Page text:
Transcatheter Valve Implantation

Adelaide Cardiothoracic > Valve Surgery > Transcatheter Valve Implantation

Implantation of new heart valves by means of a catheter rather than conventional heart surgery is a rapidly expanding field. The most commonly treated valve for this technique is the aortic valve, and this procedure is termed ‘transcatheter aortic valve implantation’ or TAVI. Over the last 10 years or so, TAVI has become a very common way of treating a narrowed aortic valve (aortic stenosis, either of the patient’s own valve or of a degenerated tissue valve implanted previously) in patients who are felt to be at high risk of complications from conventional surgery, either because of their age, other health problems, previous heart surgery, or some other reason. Less commonly, other valves are treated via catheter-based techniques, such as transcatheter mitral valve implantation into degenerated tissue valves.

About the surgery

At Adelaide Cardiothoracic we perform TAVIs as part of a “Heart Team”, which means that cardiothoracic surgeons, cardiologists, anaesthetists, geriatricians, and nursing staff are all involved in the decision regarding the best options for the patient and the patient’s care. The TAVI procedure is performed in a catheterisation suite or hybrid operating theatre with advanced imaging technology, and the procedure is usually performed by your surgeon and an interventional cardiologist working together.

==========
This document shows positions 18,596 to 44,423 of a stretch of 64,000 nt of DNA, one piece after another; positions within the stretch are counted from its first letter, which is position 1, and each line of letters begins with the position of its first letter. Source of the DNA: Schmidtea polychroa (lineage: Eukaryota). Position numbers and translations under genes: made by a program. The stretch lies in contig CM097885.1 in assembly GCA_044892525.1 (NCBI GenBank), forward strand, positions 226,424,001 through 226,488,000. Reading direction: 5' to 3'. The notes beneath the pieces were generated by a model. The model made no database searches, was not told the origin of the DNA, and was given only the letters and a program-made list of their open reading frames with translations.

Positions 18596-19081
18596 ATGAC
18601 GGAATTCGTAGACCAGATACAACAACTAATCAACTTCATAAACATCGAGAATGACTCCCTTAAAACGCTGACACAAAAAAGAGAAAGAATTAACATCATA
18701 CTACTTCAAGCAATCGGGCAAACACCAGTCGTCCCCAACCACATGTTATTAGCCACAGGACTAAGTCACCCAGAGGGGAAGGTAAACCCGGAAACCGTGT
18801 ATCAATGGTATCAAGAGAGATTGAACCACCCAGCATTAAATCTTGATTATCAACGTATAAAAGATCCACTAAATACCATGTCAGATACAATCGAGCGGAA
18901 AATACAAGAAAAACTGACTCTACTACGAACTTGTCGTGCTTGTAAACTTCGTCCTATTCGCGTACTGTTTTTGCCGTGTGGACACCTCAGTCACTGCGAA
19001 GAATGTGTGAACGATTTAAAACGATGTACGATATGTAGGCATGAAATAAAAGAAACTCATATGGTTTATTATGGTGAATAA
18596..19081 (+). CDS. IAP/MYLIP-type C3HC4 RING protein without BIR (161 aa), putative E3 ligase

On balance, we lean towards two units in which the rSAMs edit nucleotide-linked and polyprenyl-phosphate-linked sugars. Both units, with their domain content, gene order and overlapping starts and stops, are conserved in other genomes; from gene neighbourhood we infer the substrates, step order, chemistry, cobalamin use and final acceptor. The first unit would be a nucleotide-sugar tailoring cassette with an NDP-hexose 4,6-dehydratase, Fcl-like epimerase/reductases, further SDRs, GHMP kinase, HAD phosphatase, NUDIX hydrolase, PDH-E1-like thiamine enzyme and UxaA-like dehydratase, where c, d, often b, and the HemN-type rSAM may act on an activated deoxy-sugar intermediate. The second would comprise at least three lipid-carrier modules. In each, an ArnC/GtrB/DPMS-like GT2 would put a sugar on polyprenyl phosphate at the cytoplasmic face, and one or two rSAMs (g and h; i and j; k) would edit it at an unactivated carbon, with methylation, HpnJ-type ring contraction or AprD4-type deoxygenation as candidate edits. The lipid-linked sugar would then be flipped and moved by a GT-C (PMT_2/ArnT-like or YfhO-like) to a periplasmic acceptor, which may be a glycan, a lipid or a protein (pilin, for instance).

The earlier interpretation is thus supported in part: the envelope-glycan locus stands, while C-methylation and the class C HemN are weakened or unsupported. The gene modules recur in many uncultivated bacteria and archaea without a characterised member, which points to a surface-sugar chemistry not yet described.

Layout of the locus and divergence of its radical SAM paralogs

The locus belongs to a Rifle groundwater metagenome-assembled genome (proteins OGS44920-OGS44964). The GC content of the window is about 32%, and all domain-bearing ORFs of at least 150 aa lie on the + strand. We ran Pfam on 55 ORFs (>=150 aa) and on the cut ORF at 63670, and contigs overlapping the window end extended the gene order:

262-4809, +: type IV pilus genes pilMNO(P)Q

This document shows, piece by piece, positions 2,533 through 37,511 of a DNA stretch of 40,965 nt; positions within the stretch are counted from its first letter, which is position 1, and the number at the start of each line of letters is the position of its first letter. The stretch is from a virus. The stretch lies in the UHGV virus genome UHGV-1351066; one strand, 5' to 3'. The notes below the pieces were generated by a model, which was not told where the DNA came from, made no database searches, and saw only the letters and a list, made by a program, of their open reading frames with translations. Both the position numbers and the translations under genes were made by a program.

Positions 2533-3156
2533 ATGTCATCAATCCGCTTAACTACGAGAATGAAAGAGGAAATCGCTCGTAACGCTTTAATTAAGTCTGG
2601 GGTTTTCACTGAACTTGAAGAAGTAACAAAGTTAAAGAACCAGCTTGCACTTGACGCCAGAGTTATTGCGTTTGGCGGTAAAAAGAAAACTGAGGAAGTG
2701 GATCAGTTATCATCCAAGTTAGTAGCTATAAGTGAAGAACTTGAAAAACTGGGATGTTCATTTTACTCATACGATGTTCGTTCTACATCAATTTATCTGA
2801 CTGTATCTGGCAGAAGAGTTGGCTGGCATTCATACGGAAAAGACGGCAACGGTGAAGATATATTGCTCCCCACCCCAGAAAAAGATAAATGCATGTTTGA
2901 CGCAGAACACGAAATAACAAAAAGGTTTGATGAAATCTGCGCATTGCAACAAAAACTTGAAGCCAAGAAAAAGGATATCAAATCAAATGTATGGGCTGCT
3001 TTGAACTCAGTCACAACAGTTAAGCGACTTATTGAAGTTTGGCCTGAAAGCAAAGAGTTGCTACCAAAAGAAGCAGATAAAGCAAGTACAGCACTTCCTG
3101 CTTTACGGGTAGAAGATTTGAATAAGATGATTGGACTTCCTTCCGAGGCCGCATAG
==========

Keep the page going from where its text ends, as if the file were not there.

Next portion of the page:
In TAVI, a biological (tissue) valve is mounted inside a stent (a circular wire mesh). The stent is then compressed so that it can fit inside a small delivery sheath (tube). The TAVI valve is then delivered to the aortic valve, the stent is expanded, and the biological valve inside begins to work. In TAVI, the calcified leaflets of the patient’s diseased aortic valve are not removed, instead, they are pushed to the side when the stent expands and help to lock the stent in place.

The most common route for delivering the new valve in a TAVI procedure is via the femoral artery in the groin. In some patients, this is not suitable so alternatives may be considered, such as the subclavian artery (under the collarbone), or the new valve may be delivered directly into the heart via a small incision in the chest. For some patients being considered for a TAVI procedure, there may be no suitable access route and the only options may be conventional surgery or continuing treatment with medications alone.

Recovery period

A successful TAVI procedure results in a more rapid recovery than is seen after conventional surgery; most patients only need one or two days in hospital before they are able to go home. Full recovery may still take one to two months. Your surgeon and cardiologist will provide specific guidelines for your recovery and return to activities.

For more information please visit:

Cleveland Clinic Transcatheter Aortic Valve Replacement (TAVR)